PHNOM PENH: Cambodia, Thailand and Vietnam have urged Laos to better assess transboundary impacts, and strengthen proposed measures to reduce any negative effect as it moves ahead with the construction of a dam.
At a special joint committee session of the Mekong River Commission (MRC) earlier this week, the three countries said they appreciated Laos’ submission of the 1,460MW Luang Prabang hydropower project for prior consultation.
According to a MRC press release on July 1, they praised Laos for its cooperation in providing additional data and documents, as well as its willingness to accommodate comments and recommendations from the member countries.
“The committee called on Laos to consider and address the comments and recommendations that were made in a technical review report and the official reply forms of the notified countries.
“The statement reflects stakeholders’ concerns and suggestions gathered from regional and national consultations.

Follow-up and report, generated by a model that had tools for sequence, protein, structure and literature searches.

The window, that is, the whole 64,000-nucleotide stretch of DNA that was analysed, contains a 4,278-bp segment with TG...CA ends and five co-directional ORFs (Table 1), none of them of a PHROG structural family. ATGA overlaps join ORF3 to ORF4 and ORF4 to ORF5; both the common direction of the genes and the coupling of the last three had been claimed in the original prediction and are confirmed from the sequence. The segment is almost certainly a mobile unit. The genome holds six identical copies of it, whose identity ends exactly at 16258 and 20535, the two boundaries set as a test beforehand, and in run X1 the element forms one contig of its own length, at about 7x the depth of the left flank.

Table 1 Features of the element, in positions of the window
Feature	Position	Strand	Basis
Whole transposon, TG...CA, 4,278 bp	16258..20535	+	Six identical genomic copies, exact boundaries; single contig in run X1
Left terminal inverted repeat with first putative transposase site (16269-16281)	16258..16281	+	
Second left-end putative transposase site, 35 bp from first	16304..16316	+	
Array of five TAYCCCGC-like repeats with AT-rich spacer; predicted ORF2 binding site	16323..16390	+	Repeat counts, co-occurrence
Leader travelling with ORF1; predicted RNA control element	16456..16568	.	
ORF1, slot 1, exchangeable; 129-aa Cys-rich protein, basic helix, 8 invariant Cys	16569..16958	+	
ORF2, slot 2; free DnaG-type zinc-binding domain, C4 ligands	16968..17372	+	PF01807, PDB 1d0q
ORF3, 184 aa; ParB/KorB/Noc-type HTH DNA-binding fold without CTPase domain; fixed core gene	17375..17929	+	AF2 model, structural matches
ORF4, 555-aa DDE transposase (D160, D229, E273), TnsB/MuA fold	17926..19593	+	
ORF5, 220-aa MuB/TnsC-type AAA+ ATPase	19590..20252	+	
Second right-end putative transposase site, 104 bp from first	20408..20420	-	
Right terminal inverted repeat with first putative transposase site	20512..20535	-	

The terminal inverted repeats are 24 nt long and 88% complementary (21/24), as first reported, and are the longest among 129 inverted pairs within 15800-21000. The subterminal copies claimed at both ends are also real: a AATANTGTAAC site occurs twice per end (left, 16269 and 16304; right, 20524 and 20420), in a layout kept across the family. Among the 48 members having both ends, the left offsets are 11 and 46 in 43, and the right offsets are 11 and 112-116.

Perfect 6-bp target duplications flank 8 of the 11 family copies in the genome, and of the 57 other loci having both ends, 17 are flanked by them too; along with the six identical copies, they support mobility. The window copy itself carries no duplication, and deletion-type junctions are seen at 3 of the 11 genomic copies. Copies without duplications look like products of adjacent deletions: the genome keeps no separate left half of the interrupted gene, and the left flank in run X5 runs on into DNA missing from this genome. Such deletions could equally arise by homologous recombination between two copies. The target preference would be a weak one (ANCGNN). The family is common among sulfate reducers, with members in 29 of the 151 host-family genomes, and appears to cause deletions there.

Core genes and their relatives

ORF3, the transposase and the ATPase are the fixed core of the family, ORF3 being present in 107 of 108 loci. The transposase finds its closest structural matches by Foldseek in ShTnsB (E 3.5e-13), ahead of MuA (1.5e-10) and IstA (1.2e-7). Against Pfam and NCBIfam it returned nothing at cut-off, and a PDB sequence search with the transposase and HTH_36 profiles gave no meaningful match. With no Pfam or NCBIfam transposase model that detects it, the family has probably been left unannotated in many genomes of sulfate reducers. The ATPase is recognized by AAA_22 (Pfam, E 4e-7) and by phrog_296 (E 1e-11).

“It houses measures on how to avoid and minimise potential adverse impacts from the development project by having a greater focus on coordinated operations of the cascade dams (in the area),” MRC committee chairman Somkiat Prajamwong said.
Cambodia National Mekong Committee secretary-general So Sophort told The Phnom Penh Post that because Cambodia was located in the lower Mekong, the development could negatively impact the nation.
“The country which owns the project needs to address such impacts,” he said.
Cambodia’s official reply was that Laos needed to further identify the project’s environmental impacts and consider a greater assessment, as well as proper, effective mitigation plans and measures.
“The government of Laos remains committed to addressing key concerns. It welcomes further engagement, information sharing, site visits and joint monitoring to ensure that the project does not cause significant transboundary impact and that it is beneficial to all parties and stakeholders,” Chanthanet Boualapha, the joint committee member for Laos said.
Cambodian Youth Network’s research and advocacy programme manager Sar Mory said past experiences had shown that hydropower construction input was not collected from relevant stakeholders.
There was no consultation with stakeholders including civil society organisations, particularly from the people who suffered from the impact of hydropower construction, he said.
“There was no clear responsibility for transboundary impacts. In-depth studies had not been done on how the hydropower projects built on the Mekong River would be impactful.”